Reissue Mania!

Few people can argue that the record industry is in a freefall. Music sales this year continue to decline by double digits, and no release has managed to capture the attention of the general public. Yes, there are “stars”, both new and old, that continue to land on magazine covers and entertainment news programs, but for the most part the public has just yawned before returning to their video games and Netflix rentals.

Not that there haven’t been some fantastic albums in the past ten months. There’s always great music that primarily exists far away from Big Media, and this year is no exception. Yet in the last couple of months, an ever-growing percentage of my purchases and plays has actually been older or previously unreleased material that has been reissued in either box set or special deluxe editions.

While I’m happy to go back and reacquaint myself with old faves, the question that comes to mind is why are the vaults being emptied this year? Sure, every year sees some great remastered classics, but it seems like every week there’s at least two or three releases of this sort.

The answer is pretty obvious - record companies know that sales woes are here to stay, and they’re attempting to get what they can before the public completely gives up on them. While some are still destined to sell only a few thousand, that’s still a substantially higher figure than they’ll see in two or three years.

A perfect example of this sort are the first two albums by Hoboken’s The Feelies. Although a huge influence on mid-80’s jangly college rock, few people have heard either their 1980’s Crazy Rhythms or 1985’s The Good Earth. Mixing the quirky, angular rhythms of Gang of Four and the anxious urgency of punk with the vibe of The Velvet Underground, both albums have that rare trait of being able to slowly creep into your psyche.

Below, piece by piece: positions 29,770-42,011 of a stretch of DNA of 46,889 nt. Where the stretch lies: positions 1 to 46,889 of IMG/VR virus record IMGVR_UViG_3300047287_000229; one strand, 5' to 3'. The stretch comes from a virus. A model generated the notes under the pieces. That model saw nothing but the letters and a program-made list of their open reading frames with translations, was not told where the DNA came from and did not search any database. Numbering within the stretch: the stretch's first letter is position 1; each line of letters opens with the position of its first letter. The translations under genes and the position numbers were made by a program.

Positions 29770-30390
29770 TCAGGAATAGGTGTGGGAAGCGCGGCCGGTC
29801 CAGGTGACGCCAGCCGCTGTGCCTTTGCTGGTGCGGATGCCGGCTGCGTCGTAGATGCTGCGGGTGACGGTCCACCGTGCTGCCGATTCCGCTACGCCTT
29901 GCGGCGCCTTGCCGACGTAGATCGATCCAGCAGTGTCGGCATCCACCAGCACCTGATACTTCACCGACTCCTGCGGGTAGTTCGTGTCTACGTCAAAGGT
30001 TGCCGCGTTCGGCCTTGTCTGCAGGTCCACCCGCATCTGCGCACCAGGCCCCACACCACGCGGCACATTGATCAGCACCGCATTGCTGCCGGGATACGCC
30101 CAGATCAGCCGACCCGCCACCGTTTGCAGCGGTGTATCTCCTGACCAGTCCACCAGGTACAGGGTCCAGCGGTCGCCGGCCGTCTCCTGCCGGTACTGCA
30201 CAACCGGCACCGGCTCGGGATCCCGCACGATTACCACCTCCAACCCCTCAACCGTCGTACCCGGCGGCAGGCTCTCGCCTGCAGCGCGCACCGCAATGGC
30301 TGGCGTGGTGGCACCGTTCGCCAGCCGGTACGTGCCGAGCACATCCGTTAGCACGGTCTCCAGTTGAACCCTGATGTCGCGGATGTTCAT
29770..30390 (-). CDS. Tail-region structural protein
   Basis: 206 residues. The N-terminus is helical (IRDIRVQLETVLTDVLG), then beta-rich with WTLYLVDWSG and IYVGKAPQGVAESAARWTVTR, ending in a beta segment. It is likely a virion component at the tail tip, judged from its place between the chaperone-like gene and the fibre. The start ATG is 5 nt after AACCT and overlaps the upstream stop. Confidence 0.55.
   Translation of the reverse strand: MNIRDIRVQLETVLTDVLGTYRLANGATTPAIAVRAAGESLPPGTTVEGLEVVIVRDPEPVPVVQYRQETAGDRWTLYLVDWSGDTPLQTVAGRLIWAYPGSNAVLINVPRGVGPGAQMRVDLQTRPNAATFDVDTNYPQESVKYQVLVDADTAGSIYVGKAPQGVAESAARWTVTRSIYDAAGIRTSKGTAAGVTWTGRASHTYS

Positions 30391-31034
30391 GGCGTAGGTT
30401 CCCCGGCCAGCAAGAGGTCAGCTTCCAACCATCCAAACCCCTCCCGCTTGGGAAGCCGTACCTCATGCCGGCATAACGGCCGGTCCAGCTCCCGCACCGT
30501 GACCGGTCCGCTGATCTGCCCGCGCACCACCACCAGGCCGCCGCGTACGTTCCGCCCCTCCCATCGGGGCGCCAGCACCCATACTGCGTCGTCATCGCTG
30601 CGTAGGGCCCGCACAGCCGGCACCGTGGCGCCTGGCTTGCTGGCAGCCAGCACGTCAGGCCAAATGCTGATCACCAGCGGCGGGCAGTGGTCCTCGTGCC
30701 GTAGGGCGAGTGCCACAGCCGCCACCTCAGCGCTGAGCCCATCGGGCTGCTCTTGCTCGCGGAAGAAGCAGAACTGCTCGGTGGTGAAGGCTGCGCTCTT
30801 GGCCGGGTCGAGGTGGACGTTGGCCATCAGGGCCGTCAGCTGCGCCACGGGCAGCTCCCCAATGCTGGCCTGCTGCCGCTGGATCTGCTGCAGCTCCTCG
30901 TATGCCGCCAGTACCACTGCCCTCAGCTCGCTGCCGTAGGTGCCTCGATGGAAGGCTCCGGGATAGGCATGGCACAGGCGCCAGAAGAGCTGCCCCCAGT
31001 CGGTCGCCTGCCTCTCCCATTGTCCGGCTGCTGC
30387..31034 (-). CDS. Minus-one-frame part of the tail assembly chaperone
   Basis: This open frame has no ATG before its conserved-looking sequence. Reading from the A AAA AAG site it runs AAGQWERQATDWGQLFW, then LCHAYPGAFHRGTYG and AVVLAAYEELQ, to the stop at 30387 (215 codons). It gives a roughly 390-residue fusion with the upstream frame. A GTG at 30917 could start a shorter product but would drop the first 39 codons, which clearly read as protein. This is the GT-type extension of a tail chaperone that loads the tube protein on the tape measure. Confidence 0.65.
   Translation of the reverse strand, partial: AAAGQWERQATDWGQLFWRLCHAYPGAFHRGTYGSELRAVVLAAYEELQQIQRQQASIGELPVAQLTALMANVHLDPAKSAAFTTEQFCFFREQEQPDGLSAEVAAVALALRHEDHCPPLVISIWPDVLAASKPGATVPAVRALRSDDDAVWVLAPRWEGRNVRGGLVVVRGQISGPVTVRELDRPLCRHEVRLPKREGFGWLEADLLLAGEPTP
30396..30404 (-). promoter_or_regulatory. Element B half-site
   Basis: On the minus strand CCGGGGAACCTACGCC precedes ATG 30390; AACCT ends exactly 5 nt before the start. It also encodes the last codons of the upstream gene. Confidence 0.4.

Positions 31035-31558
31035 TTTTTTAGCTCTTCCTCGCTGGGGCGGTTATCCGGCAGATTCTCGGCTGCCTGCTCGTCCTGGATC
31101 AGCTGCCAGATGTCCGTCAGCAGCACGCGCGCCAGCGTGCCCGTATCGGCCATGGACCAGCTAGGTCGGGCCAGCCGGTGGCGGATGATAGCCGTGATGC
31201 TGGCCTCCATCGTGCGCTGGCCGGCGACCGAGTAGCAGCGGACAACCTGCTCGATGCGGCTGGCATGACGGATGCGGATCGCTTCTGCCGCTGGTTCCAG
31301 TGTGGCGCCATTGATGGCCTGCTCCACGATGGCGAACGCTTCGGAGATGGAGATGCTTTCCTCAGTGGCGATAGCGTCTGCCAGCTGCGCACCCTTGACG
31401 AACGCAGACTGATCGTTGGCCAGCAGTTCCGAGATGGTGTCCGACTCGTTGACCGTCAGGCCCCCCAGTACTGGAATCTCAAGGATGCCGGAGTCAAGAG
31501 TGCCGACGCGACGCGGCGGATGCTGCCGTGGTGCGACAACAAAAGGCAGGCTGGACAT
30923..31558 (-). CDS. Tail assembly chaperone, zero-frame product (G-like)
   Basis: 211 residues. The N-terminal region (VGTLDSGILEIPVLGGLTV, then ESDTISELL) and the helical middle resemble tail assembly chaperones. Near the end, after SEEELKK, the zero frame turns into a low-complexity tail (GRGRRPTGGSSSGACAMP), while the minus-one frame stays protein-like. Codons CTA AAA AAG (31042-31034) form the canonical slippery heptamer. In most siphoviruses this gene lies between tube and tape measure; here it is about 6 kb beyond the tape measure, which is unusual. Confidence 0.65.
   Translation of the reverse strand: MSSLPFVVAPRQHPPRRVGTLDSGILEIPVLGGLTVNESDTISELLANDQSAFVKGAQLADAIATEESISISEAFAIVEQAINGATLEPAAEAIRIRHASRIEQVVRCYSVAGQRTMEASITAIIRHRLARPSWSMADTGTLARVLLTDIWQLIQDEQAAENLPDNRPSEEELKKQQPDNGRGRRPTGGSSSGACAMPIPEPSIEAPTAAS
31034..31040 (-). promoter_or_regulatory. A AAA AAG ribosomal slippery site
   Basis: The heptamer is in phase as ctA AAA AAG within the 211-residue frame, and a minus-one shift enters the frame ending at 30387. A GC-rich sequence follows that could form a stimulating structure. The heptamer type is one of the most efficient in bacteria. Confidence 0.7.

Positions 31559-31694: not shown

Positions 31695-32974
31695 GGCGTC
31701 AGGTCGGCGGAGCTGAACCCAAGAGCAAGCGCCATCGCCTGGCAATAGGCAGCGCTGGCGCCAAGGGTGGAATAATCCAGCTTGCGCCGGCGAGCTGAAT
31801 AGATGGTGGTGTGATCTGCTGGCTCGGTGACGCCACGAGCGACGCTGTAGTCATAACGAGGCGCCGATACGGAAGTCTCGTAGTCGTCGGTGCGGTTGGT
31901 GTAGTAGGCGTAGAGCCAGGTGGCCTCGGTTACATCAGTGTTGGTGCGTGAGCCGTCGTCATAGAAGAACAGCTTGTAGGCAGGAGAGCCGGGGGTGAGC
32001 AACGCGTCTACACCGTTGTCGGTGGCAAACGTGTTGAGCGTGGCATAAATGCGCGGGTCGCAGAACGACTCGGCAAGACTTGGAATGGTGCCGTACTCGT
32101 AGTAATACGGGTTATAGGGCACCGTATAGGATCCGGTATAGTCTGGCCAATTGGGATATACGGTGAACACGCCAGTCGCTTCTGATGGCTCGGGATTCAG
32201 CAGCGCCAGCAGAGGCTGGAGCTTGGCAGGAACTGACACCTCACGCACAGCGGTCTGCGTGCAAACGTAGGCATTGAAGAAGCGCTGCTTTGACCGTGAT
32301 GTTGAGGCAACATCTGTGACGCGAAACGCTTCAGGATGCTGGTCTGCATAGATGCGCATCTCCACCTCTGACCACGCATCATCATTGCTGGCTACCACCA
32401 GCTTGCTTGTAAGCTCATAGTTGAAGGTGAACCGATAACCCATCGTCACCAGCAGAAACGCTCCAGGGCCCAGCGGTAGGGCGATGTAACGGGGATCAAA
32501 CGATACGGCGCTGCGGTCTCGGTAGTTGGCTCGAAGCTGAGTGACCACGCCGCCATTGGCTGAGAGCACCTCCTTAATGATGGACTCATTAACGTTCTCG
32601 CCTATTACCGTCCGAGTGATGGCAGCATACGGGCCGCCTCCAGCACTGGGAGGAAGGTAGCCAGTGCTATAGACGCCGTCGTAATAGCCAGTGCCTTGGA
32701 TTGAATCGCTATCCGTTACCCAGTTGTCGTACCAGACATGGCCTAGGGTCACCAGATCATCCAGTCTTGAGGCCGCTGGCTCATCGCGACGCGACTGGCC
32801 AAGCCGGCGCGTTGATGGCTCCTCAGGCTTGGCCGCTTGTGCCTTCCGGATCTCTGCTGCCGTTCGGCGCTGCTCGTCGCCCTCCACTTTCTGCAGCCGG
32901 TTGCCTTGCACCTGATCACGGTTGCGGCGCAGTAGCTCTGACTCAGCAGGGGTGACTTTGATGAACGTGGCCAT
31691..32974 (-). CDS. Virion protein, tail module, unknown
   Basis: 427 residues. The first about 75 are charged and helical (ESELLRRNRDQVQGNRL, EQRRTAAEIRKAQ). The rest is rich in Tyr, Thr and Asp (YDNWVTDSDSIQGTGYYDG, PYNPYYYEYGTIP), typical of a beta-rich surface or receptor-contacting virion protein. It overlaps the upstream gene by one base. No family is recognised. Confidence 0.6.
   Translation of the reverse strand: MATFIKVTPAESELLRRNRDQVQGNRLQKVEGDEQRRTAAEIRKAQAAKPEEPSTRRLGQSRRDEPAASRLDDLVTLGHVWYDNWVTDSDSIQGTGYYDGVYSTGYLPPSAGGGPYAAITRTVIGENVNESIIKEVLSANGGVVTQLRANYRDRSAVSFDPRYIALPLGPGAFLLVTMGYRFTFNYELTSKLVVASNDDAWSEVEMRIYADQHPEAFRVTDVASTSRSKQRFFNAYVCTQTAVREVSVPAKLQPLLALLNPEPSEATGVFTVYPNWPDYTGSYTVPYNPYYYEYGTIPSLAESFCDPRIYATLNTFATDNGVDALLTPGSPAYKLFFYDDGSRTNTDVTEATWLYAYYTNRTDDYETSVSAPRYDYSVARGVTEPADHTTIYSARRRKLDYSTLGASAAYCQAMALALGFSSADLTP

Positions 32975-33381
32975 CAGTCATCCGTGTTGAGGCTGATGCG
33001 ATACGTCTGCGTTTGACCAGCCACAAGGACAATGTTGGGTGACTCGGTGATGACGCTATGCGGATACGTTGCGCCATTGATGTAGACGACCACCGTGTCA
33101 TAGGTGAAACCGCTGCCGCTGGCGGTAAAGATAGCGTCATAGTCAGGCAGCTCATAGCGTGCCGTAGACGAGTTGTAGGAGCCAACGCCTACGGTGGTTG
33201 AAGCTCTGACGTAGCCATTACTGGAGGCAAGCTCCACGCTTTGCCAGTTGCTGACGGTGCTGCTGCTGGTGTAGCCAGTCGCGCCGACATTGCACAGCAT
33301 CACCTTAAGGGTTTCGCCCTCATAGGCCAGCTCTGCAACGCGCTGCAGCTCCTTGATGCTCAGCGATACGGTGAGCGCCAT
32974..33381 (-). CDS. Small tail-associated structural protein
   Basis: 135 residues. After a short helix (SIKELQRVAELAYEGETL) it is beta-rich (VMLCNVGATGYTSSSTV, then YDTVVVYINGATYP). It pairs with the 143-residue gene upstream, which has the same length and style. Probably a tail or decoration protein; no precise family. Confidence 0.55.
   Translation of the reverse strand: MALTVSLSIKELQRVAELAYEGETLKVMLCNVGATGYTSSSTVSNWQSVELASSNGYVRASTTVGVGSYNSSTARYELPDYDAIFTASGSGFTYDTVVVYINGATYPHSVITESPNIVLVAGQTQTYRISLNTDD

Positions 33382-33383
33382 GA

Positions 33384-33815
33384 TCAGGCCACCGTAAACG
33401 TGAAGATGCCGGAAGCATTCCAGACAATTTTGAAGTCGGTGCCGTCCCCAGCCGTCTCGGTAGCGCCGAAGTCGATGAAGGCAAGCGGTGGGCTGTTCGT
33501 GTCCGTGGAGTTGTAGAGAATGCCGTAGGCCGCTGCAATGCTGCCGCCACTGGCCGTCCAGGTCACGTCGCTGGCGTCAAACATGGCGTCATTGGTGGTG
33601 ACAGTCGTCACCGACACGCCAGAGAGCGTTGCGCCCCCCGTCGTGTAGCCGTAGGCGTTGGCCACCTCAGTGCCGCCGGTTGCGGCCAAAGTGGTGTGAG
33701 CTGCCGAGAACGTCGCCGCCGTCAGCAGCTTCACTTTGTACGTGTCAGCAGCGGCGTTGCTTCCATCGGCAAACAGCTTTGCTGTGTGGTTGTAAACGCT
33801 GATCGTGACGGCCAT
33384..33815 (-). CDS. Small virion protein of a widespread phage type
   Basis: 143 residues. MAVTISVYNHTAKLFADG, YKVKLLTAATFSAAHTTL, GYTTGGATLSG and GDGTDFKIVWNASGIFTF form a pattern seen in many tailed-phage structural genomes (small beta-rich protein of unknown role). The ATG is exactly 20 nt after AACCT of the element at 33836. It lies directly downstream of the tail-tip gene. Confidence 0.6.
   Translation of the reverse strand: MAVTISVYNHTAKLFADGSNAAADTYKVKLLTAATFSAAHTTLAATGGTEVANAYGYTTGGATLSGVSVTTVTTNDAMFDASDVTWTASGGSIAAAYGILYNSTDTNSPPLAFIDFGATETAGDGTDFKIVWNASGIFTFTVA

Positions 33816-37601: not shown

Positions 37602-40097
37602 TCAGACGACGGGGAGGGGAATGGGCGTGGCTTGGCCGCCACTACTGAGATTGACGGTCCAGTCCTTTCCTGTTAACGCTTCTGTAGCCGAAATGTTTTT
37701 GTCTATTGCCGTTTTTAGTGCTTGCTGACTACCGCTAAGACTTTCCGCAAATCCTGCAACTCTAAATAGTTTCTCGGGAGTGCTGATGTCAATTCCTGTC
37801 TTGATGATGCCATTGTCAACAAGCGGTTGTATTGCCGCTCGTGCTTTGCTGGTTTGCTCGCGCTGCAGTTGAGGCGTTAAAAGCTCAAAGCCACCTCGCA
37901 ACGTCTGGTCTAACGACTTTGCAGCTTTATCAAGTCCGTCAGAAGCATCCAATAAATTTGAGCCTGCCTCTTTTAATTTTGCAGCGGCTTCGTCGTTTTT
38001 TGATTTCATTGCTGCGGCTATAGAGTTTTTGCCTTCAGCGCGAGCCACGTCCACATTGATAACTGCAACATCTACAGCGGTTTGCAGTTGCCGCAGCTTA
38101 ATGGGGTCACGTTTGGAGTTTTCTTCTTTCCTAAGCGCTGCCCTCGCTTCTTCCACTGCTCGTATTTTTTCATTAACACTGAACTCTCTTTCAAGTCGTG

The Feelies, "She Said, She Said"

Another band that sold little but influenced almost an entire generation is Big Star. Led by Alex Chilton (and Chris Bell on the first album), the band combined the energetic power pop of Rubber Soul/Revolver-era Beatles with dark, almost self-destructive lyrics that almost single-handedly gave Paul Westerberg and others a template on which to base their career.

A few weeks ago, Rhino Records compiled the highlights of their three albums, along with outtakes, demos, and a 1973 Memphis concert on the four-disc box, Keep An Eye On the Sky. It’s absolutely stunning, and every true music fan needs to discover the beauty of “September Gurls, “Thank You Friends”, “The Ballad of El Goodo”, and so much more.

Big Star, "September Gurls"

One band partially influenced by Big Star, but also by the early 70’s country-rock of Gram Parsons and Neil Young, is the Jayhawks. Signed by Rick Rubin in the early 90’s to his Def American label, the band never hit as big as they deserved. Sony is now attempting to write this wrong with an ambitious reissue campaign that began earlier this year with the double-disc Music From the North Country: The Jayhawks Anthology.

The first disc’s collection of highlights from their seven studio albums are Americana at their finest, but the b-sides, demos, and unreleased material that comprises the second disc are just as essential.